The Underground Artist as Political Spokesperson

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The Underground Artist as Political Spokesperson

It has often been said that comics do not necessarily affect society as much as they reflect society. Where the latter may seem to be true, the former is the more obvious truth. The subtlety of their messages may escape the immediate notice of the average citizen, but hours, or even days later, when that person stops and uses a clever comic to illustrate a point; the artist’s statement has been made. Many subtleties appeared in the 1960’s-1970’s – no one really noticing their arrival until it was too late to prevent their existence – and many of these same subtleties made permanent changes in the way American youth perceived their world, and especially their country.

The periods of the ‘60’s and 70’s were periods of unrest in America . The culture that our society had grown accustomed to was in the throes of violent change, redefining itself on what seemed to be a day-by-day basis.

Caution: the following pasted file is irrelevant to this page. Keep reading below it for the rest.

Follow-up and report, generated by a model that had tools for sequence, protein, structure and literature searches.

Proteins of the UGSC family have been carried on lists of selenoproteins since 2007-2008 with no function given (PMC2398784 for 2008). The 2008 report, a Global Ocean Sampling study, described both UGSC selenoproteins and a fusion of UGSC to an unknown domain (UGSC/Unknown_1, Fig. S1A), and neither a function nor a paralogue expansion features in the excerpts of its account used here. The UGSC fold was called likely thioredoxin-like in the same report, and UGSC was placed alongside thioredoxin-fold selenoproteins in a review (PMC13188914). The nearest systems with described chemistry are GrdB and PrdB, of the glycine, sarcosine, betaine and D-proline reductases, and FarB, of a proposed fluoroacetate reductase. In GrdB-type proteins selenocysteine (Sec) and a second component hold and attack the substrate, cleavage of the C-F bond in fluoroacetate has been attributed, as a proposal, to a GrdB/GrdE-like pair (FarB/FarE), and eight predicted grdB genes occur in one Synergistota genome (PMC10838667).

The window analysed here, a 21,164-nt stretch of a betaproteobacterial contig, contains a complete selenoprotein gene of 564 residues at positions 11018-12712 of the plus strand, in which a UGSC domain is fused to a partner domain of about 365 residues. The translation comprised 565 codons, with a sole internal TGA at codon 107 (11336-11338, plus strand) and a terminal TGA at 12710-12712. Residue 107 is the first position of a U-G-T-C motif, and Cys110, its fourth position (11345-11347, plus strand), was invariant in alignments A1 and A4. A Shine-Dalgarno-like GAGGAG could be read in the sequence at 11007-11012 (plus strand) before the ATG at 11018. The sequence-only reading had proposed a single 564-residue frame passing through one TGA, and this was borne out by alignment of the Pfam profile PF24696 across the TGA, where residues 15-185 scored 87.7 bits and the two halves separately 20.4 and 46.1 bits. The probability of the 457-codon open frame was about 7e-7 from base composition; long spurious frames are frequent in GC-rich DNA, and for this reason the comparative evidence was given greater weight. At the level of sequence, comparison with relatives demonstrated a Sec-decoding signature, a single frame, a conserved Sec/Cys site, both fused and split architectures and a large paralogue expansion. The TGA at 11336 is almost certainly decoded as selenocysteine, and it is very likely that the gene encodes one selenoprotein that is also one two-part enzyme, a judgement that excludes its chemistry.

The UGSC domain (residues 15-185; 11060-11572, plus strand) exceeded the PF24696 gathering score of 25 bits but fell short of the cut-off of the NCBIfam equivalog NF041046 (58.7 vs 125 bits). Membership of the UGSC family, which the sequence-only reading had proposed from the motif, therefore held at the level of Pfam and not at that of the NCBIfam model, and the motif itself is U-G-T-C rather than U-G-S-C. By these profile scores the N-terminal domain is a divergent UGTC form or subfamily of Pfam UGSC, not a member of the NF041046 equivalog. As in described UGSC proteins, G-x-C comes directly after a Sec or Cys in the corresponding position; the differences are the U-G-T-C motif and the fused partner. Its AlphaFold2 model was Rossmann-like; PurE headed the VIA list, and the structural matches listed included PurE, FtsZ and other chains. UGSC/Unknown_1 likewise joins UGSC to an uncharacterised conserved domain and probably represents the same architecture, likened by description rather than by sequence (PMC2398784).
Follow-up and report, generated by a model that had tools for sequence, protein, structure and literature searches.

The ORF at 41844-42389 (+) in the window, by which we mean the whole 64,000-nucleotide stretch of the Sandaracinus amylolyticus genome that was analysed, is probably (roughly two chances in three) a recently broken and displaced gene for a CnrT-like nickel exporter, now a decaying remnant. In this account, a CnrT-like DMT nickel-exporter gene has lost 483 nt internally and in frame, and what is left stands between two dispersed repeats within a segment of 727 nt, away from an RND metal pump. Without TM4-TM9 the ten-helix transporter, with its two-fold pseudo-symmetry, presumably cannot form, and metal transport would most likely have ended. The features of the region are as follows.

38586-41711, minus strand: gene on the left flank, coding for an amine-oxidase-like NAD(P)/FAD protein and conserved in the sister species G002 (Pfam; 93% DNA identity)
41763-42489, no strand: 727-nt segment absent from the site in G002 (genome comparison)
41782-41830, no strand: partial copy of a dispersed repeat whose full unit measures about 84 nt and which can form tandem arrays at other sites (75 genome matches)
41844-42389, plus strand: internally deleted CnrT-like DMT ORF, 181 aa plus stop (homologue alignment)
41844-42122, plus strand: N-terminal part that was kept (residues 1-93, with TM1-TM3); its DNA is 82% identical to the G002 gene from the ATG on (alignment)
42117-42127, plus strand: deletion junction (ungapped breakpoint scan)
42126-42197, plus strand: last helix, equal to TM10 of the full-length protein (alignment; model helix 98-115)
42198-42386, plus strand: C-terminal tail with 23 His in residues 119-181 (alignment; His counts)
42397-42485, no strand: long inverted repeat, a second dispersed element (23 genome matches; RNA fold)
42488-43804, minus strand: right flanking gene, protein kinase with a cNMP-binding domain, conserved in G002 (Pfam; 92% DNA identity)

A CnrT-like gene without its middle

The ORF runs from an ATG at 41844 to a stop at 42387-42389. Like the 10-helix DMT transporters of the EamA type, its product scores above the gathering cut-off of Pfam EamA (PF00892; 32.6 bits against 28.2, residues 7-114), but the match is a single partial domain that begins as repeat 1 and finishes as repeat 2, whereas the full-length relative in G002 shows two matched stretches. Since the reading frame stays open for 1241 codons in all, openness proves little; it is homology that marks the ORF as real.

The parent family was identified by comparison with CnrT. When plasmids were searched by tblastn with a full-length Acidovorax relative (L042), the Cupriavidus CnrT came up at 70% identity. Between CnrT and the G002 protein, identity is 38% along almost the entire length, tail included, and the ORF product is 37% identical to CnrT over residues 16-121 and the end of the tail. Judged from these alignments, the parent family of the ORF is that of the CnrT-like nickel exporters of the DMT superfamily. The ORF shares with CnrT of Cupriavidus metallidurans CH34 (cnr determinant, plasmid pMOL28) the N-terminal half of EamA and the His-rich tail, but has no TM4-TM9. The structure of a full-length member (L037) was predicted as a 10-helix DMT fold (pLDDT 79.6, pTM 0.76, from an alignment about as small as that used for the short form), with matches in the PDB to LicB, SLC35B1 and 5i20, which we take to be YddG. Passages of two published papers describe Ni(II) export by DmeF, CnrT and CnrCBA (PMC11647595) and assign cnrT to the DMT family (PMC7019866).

By ‘culture’ we refer to the social circulation of meanings, values, and pleasures, to the process of forming social identities and social relationships, and to entering into relation with the larger social order in a particular way and from a particular position. (Fiske 322)

To make such a simple statement about these twenty years may seem to devalue them, but one thing remained constant through all those changes. Despite, or in spite of at times, the political bankruptcy of the nation, the evaporating credibility of national and international policy, Vietnam, rioting in the city streets and on college campuses, not to mention the murder of innocent students by an armed militia, comic books stayed stable. They provided a foundation, although rooted in “Establishment” values, for ...

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